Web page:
I appreciate the strength Japanese tea provides in my tea journey, and seek the bold, balanced flavors sought through fertile cultivation and precision in processing techniques. When Senbird Tea, a Japanese family-owned tea business who utilizes independent tea farmers reached out to offer a balanced selection of teas to try, I felt the calling to try something unique and powerful in flavor and passion. I’ll be sharing my experiences with each tea below; providing details and opinions. I’ll be diving further into Japanese teas in general in another post!
Moriki Fukamushi ( 深蒸し茶 )
A deep-steamed Sencha that yields a more broken leaf than normal, it also lowers the astringency – resulting in a rich yet mellow brew that is sure to make anyone fall in love with green tea. It doesn’t produce as light of a cup due to its thicker nature but that’s personally what I love about this style of green tea!
Season: May 2019
Origin: Shizuoka, Japan
Picking/Processing: 120 sec. steamed as opposed to the common 30-90 sec. found in Sencha
My Brewing Parameters
Leaf to Water Ratio – 9 g for 220 mL
Starting Temp – 70°C
Infusion time(s) – 60 sec. +5 (4 infusion total)
Eyes Dry: Rolled with light green leaves
Nose Dry: Melon rind, warm hay, squash
Nose Wet: Asparagus, salted butter
Eyes Liquor: Thick and cloudy grass-green and limoncello brightness
Mouth Texture: Full-bodied and dark chocolate intensity along the sides of the tongue
Mouth Taste: Slight cantaloupe sweetness, steamed broccoli, mineral water, asparagus
Nose Cup: Granny apple sweetness and savory sea salt
Mouth Finish: Clean with umami salt turning to candied fruit sweet
Eyes Wet: Fresh greens and unfurled brightness
Body Sensation: Cheerful and contemplative, cooling sensations
A lovely Sencha, the broken material in the sample required caution as to not clog my kyusu or strainer. My second infusion was slightly over-brewed from a blockage but a correction in the third kept the session going strong. This is a green tea that maintains a mellow and balanced profile, even when packing the kyusu. The fact that the leaves in Fukamushi Sencha are smaller and broken means that the brewing times can be shorter, allowing for great experimentation in infusion duration and contrasts steep to steep.
Kotobuki Gyokuro (玉 露)
Now, I have to say, there are few things I love more than tasting a Gyokuro that effectively balances the hits of umami that comes from well nurtured L-theanine, and the lingering sweetness that begs me to take another sip. This particular Gyokuro from Senbird is a great representation of just how much depth there is in Japanese tea. Translated as “Jade dew”, this tea has undergone 20 days of shaded growth – ramping up levels of theanine and chlorophyll which provides minimal astringency and a balance of vegetal and sweet characteristics.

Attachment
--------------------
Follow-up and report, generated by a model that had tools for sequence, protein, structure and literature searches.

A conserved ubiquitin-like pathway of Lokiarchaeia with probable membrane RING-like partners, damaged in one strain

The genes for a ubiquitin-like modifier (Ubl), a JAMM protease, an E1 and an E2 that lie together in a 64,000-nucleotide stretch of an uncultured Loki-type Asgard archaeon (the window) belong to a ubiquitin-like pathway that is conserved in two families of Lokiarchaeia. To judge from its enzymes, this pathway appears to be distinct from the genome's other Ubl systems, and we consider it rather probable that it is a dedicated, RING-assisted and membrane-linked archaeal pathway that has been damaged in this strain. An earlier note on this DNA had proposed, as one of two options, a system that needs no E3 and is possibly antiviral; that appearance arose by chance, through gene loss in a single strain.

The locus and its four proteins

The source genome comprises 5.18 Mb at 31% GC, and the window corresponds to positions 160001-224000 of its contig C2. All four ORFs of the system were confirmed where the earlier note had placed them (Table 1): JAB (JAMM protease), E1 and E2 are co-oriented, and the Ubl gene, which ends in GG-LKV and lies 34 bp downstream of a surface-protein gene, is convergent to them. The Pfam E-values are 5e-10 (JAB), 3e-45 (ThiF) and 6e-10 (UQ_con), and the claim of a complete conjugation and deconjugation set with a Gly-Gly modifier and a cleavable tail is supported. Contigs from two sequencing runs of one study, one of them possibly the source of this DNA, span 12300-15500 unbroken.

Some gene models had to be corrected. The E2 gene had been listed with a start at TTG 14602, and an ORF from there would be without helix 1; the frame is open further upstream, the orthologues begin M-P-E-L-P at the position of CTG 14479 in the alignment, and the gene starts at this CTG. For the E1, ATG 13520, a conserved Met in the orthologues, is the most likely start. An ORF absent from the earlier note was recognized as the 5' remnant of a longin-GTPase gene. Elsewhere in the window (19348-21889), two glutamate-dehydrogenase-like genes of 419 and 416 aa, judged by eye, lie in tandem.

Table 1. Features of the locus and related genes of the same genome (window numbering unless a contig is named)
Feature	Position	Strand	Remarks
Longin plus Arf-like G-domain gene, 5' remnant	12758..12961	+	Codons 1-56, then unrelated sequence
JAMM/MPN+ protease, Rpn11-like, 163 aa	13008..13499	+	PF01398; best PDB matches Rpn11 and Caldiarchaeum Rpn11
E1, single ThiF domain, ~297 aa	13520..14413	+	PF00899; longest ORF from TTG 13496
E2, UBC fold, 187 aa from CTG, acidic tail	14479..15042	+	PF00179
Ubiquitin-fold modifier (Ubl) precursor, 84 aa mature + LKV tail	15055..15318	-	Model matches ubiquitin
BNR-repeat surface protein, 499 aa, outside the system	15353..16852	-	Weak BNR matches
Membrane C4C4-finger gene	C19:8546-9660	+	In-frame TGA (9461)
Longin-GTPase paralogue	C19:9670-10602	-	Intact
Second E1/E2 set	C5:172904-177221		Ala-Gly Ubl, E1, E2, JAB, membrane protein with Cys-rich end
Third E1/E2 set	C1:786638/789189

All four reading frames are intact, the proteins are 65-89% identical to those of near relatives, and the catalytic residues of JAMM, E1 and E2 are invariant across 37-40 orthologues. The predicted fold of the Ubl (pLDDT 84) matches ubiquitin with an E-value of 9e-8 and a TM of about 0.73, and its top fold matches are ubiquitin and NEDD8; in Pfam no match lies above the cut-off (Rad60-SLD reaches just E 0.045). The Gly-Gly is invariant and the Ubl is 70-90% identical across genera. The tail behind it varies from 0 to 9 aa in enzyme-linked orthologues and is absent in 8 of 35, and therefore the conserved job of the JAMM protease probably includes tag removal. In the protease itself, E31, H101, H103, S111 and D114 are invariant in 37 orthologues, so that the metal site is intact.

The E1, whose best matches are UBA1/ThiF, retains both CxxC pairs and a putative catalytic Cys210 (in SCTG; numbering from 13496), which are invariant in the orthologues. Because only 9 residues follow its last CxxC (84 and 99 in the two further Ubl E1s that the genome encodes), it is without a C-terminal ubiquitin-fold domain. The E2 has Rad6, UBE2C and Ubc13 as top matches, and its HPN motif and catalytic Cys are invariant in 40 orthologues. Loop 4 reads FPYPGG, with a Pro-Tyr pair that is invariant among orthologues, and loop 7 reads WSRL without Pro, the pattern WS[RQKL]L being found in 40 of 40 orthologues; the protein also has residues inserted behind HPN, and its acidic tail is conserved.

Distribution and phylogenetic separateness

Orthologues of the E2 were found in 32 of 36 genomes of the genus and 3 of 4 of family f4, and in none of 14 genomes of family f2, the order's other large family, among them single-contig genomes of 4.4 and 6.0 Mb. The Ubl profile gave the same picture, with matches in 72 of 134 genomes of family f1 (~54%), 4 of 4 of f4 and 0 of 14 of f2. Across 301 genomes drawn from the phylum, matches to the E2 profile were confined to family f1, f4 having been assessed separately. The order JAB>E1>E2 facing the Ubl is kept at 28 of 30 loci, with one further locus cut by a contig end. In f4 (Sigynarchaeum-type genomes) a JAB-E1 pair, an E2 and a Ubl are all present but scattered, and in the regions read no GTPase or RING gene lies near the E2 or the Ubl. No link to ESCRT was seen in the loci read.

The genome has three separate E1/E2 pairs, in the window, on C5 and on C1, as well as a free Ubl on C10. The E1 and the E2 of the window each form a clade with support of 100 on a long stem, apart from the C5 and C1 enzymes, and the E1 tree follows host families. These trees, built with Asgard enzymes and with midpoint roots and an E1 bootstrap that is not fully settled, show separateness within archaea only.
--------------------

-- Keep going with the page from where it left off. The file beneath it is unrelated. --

Season: Spring first flush 2019
Cultivar: Asatsuyu (considered natural gyokuro)
Origin: Asahina, Shizuoka, Japan
Picking/Processing: 20 day shade-grown
My Brewing Parameters:
Leaf to Water Ratio – 6 g for 220 mL
Starting Temp – 50°C, 60°C, 70°C, 70°C, 75°C
Infusion time(s) – 2 min, 2 min, 2 min, 3 min, 3 min
Eyes Dry: Deep forest blue-green leaves, slender and overall consistency in material length, moderate level of dust
Nose Dry: fresh basil, vine tomatoes, subtle tangerine zest
Nose Wet: damp moss, sea salt air, egg yolk cream. Last infusion brings watermelon to mind
Eyes Liquor: blue-green vibrancy
Mouth Texture: clean, chicken stock rush along the tongue
Mouth Flavor: algae covered stone, mineral sweet, newly grown spring grass
Nose Cup: light hint of daffodils
Mouth Finish: clean with a short aftertaste
Eyes Wet: unfurled spinach green hues with a fresh sheen to the leaves
Body Sensation: mellow and uplifting
Gyokuro is a go-to tea for me, both when reviewing a vendor’s portfolio or when I want something that reminds me of Summer. This was the first tea of the three I tried and it’s a standard Gyokuro that I would recommend.
Sunlight through a forest, it’s the brightly lit and robust leaves that are called to mind when I drink this Gyokuro. A clean and swift brook babbles a short distance away, bringing minerality and a damp rock fragrance to the air. There’s vitality and invigoration in this cup.
Aiji Sobacha (そば茶)
A first for me, this buckwheat tea left quite an impression. It’s warming while not giving off the charcoal roasted sensations found in Hojicha, or heavy-roasted oolongs like Da Hong Pao. Rather than being an actual tea hailing from Camellia sinensis, Sobacha is a tisane or herbal tea. This caffeine-free beverage can be enjoyed both hot and iced, and is a lovely option after a meal or late into the evening.
Season: October 2018
Cultivar: Manten kirari
Origin: Shizuoka, Japan
My Brewing Parameters
Leaf to Water Ratio – 8 g for 220 mL
Starting Temp – 95°C
Infusion time(s) – 5 min
Eyes Dry: Bronze, copper, and tan beads of buckwheat kernels
Nose Dry: Rice cakes, warm toast and sesame seeds
Nose Wet: Slight jerky warmth, burnt brioche, butter
Eyes Liquor: Olive oil viscosity and color, clouded with fine particles
Mouth Texture: Oily smooth with no astringency and medium body
Mouth Taste: Roasted cashews, raw pine nuts, butter, cozy sunlit afternoon wrapped in blankets
Nose Cup: Candied peanuts, salty and sweet pulling at the ends
Mouth Finish: Lingering salted nuts followed by sweetness
Eyes Wet: Minced garlic appearance, expanded buckwheat pellets
Body Sensation: Clean and warming with a calming effect
Each of mentioned teas give a nice snapshot into the varied nature of Japanese processes and flavors. Senbird Tea is based in New York, so U.S. residence can find a good cup of Japanese tea nearby! If you’re interested in also purchasing the Gyokuro or Sobacha I tasted you can find them below (the Fukamushi is no longer available):
Have you tried a range of Japanese teas or any from Senbird Tea as well? I’d love to hear your experiences and what you love about these teas in general!